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Nick Cave’s Seven Psalms is a haunting dreamscape in a redemption-seeking canon

Ahead of the artist’s headline slot at the All Together Now Festival, hark at his powerful new album and how it fits into his extensive CV

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The adoration of Nick Cave. Picture by Megan Cullen

The adoration of Nick Cave. Picture by Megan Cullen

Nick Cave and Warren Ellis wig out. Picture by Megan Cullen

Nick Cave and Warren Ellis wig out. Picture by Megan Cullen

Nick Cave goes crowd surfing. Picture by Megan Cullen

Nick Cave goes crowd surfing. Picture by Megan Cullen

Nick Cave with the Birthday Party at The Ace, Brixton, London in April 1982. Picture by David Corio/Redferns

Nick Cave with the Birthday Party at The Ace, Brixton, London in April 1982. Picture by David Corio/Redferns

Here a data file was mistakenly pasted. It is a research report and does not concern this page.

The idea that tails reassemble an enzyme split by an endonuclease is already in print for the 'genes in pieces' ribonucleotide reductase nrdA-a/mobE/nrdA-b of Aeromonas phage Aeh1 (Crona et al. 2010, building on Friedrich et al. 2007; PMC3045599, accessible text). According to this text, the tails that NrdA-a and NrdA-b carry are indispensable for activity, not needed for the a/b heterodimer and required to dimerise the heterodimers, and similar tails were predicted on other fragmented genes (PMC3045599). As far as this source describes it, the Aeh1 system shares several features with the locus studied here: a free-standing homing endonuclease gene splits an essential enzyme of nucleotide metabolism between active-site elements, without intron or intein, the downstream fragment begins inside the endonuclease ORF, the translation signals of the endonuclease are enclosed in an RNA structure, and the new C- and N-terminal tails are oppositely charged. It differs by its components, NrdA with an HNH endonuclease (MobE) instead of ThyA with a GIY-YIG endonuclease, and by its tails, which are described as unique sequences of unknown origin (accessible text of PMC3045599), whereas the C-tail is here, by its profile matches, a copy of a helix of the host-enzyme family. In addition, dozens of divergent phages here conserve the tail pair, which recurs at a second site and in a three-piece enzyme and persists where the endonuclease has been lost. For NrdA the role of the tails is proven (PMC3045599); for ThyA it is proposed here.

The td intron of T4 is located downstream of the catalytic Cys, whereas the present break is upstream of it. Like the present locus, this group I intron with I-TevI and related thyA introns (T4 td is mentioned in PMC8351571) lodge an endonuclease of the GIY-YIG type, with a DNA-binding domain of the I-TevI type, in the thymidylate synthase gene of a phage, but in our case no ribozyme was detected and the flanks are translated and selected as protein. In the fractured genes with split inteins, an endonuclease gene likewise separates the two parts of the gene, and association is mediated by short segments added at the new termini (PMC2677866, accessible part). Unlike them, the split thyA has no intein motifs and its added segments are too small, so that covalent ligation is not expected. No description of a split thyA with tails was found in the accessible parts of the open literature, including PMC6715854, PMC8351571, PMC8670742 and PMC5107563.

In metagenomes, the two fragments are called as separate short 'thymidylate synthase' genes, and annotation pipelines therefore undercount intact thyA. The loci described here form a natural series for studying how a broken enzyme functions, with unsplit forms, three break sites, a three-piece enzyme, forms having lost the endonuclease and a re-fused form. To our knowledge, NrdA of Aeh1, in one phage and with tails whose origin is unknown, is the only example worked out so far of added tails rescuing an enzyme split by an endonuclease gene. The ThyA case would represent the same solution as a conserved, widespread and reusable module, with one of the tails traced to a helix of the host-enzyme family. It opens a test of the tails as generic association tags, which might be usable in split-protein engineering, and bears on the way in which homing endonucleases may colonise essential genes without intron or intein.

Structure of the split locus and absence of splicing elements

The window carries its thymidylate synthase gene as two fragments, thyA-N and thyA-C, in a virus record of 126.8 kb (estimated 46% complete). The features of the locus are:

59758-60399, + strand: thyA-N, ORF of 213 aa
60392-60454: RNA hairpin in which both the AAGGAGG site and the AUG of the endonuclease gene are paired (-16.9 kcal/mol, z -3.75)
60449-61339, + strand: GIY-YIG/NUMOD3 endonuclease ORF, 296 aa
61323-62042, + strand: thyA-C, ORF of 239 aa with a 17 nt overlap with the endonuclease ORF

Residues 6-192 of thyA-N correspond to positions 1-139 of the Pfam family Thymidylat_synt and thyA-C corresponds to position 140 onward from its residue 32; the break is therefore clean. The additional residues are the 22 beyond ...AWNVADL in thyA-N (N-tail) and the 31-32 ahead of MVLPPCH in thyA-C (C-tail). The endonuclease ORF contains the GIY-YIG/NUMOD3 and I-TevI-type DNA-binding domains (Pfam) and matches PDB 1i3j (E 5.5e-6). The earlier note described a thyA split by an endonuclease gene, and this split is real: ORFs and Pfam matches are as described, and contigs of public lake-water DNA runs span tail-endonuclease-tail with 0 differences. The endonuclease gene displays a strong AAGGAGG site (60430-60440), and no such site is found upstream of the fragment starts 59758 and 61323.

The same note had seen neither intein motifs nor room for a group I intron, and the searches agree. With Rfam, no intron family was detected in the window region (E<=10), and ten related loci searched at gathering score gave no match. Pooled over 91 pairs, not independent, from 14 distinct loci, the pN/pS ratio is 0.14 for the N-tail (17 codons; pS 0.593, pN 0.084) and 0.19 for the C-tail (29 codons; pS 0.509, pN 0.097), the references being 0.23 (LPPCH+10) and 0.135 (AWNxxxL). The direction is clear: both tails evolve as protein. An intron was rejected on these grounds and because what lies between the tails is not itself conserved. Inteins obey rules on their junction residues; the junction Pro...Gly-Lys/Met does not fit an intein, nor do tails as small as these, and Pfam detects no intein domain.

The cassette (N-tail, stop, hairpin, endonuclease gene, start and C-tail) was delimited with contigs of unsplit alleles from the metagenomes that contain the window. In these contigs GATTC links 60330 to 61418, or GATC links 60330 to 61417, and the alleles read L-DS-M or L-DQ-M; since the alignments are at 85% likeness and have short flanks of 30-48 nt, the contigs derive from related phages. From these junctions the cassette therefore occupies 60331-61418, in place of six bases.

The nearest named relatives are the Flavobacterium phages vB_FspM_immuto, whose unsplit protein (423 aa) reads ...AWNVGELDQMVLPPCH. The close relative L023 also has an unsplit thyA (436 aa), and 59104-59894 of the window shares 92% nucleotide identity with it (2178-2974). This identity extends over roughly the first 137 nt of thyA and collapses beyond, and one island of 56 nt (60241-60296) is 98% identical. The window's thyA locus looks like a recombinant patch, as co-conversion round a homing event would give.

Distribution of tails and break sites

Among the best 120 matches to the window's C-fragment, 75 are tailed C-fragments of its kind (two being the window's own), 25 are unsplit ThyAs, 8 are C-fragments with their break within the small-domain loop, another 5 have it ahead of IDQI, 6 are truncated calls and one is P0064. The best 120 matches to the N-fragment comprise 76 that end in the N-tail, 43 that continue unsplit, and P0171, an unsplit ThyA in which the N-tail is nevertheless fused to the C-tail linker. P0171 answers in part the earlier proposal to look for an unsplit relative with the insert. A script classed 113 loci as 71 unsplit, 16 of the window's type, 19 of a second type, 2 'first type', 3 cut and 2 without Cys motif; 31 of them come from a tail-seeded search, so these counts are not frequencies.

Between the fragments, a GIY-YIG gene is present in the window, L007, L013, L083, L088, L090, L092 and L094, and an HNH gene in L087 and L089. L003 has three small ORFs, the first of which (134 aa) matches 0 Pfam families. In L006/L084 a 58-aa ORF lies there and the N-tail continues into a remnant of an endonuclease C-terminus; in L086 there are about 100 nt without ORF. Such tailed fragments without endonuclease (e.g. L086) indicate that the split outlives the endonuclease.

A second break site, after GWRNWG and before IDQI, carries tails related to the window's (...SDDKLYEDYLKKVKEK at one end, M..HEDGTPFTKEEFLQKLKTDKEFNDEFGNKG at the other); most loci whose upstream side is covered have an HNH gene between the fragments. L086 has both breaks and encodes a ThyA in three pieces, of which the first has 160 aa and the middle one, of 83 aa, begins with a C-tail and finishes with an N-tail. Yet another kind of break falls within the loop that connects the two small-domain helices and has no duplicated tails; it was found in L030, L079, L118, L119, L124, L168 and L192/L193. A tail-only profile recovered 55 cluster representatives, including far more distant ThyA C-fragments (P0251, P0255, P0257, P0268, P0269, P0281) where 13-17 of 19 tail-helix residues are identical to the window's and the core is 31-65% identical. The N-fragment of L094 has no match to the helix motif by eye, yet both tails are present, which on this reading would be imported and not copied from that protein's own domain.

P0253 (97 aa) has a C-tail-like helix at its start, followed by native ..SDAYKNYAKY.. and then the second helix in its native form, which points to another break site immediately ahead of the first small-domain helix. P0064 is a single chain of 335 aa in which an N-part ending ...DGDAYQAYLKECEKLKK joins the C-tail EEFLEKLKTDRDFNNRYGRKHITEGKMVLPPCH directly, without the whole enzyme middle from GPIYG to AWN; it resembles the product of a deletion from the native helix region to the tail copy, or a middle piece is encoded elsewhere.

Arthur Cave (15) fell from a seaside cliff and died in July 2015

Arthur Cave (15) fell from a seaside cliff and died in July 2015

Jethro Lazenby Cave died tragically this year at the age of 30

Jethro Lazenby Cave died tragically this year at the age of 30

Nick Cave and Susie Bick

Nick Cave and Susie Bick

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The adoration of Nick Cave. Picture by Megan Cullen

A few years ago, Emma McEvoy at the University of Westminster wrote a controversial scholarly paper ‘The Sad Demise of Nick Cave’. In it, she wrote that the man who once came across like a post-punk Lord Byron on heroin, Cave’s drug of choice in the 1980s, had “fallen prey to sincerity.”

I can only hope she doesn’t listen to his new mini album Seven Psalms, seven spoken-word pieces of one to two minutes each about God and faith, love and death, mercy and grief.


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